(1/4” mono).
2 A/D INPUT VOLUME control
For control of the level of the A/D inputs.
3 VOLUME control
For adjusting the overall volume of the MU128. (This does not affect the external signal received via the rear panel INPUT jacks.).
4 STAND BY/ON switch (Power Switch)
Pressing this turns the power on and off (stand by).
1C A U T I O N
Even when the switch is in the “STAND BY” position, electricity is still flowing to the
instrument at the minimum level. When you are not using the MU128, make sure you
unplug the AC power adaptor from the wall AC outlet.
5 MIDI IN A terminal (front panel)
For connection to other MIDI devices, such as a MIDI keyboard or sequencer.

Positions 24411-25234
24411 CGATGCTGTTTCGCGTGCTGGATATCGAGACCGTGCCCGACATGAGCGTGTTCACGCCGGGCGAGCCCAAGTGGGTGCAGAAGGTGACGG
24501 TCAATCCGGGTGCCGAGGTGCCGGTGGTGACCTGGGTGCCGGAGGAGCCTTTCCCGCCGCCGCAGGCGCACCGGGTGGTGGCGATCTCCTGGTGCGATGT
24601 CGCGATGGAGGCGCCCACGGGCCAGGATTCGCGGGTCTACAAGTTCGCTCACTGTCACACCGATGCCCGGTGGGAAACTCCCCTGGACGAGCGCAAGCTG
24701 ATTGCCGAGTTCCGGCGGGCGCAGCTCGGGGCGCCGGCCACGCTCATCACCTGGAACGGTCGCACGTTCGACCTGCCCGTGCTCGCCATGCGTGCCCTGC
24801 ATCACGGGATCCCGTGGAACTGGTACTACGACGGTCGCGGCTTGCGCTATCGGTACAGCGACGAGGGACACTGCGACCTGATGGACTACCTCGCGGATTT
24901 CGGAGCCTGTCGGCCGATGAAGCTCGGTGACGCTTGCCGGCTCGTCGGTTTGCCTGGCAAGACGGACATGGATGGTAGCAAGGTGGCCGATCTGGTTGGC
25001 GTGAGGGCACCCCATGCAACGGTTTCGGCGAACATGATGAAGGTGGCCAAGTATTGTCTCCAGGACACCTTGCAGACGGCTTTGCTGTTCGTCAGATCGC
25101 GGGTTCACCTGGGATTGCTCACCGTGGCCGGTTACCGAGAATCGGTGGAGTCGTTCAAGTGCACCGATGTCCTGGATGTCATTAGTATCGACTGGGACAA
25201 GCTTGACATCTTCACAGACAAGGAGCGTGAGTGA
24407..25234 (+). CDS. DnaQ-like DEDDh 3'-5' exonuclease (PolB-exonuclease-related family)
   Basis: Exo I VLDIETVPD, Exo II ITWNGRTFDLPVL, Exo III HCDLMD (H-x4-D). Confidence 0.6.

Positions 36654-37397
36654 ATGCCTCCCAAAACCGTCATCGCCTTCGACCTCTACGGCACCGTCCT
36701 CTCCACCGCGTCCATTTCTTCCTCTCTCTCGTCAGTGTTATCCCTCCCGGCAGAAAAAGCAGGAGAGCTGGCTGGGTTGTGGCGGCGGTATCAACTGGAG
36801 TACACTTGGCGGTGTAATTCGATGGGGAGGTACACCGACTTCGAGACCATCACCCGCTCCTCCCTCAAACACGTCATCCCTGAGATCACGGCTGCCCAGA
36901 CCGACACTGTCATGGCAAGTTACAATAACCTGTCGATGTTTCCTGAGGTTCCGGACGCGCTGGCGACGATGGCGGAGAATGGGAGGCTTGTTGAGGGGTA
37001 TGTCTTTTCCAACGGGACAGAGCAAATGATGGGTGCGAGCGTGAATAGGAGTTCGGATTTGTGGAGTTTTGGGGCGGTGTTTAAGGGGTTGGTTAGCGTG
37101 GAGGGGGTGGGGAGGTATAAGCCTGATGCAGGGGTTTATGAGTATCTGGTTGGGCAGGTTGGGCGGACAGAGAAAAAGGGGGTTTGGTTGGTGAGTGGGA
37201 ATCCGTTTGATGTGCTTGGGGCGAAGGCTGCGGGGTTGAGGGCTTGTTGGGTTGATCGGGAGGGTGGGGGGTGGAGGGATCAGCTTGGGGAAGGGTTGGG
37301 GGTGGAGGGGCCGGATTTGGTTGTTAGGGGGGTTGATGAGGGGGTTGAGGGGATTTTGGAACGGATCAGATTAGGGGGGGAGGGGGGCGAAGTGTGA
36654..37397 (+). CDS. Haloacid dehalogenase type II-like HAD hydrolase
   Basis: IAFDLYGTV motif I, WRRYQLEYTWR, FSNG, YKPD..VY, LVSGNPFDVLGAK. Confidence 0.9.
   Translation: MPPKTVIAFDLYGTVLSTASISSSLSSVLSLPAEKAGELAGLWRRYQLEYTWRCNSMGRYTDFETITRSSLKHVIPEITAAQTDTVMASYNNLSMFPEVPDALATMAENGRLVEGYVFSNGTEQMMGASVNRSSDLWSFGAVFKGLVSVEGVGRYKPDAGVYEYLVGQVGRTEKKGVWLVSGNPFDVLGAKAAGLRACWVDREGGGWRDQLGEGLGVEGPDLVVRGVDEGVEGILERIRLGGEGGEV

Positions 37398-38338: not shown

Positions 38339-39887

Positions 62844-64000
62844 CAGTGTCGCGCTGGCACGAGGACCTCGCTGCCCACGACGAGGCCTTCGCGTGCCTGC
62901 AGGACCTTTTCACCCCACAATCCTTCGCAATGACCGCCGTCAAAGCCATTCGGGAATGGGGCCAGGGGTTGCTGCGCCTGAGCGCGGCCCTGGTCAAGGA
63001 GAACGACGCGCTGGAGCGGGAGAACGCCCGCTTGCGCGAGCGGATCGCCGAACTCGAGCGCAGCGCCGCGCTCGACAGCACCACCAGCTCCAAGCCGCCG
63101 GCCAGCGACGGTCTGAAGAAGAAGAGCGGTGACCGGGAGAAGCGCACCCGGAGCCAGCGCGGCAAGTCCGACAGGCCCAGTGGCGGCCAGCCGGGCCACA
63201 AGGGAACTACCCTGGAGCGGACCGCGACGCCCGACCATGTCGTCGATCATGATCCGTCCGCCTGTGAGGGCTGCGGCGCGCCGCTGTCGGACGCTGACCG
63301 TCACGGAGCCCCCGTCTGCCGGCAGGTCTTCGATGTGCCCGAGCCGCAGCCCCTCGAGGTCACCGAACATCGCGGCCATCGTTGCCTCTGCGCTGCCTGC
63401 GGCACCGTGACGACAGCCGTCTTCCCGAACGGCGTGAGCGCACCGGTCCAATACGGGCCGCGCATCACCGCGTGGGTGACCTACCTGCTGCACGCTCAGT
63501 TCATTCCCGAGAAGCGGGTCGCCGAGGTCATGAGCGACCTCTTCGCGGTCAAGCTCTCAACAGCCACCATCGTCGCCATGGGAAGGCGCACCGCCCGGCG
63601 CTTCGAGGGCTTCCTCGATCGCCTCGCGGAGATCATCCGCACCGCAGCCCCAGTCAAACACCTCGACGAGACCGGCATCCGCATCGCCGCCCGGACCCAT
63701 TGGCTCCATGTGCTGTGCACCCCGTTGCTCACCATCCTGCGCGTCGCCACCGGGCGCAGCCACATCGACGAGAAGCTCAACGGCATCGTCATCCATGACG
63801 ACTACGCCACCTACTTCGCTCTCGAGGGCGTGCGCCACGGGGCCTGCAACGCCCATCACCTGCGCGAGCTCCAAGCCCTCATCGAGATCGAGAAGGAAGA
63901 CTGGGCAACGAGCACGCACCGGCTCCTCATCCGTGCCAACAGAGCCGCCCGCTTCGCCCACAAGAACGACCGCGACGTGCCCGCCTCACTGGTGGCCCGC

When the HOST SELECT switch is set to “MIDI,” this receives MIDI data for
controlling Parts set to receive over channels A01 - A16. When the HOST
SELECT switch is set to “Mac,” “PC-1,” or “PC-2,” it transmits the received
MIDI data to the TO HOST terminal. The front panel MIDI IN A terminal can
be selected for operation in the Utility mode (page 157). A rear panel MIDI
IN-A terminal is also provided; however both the front and rear panel terminals cannot be used simultaneously.
6 PHONES jack
For connection to a set of stereo headphones (stereo mini pin).
14
MU128of the MU90R
The Controls of the MU128
7 Voice Category buttons
8 MODE button
For calling up the Sound Module mode display. (page 170.)
9 PLAY button
For entering the Play mode and switching among the different Play displays.
(pages 41, 47.)
0 EDIT button
For entering the Edit mode. (pages 58, 69.)
A UTIL (UTILITY) button
For entering the Utility mode. (page 156.)
B EFFECT button
For entering the Effect Edit mode. (page 146.)
C EQ button
For entering the EQ Edit mode. (page 155.)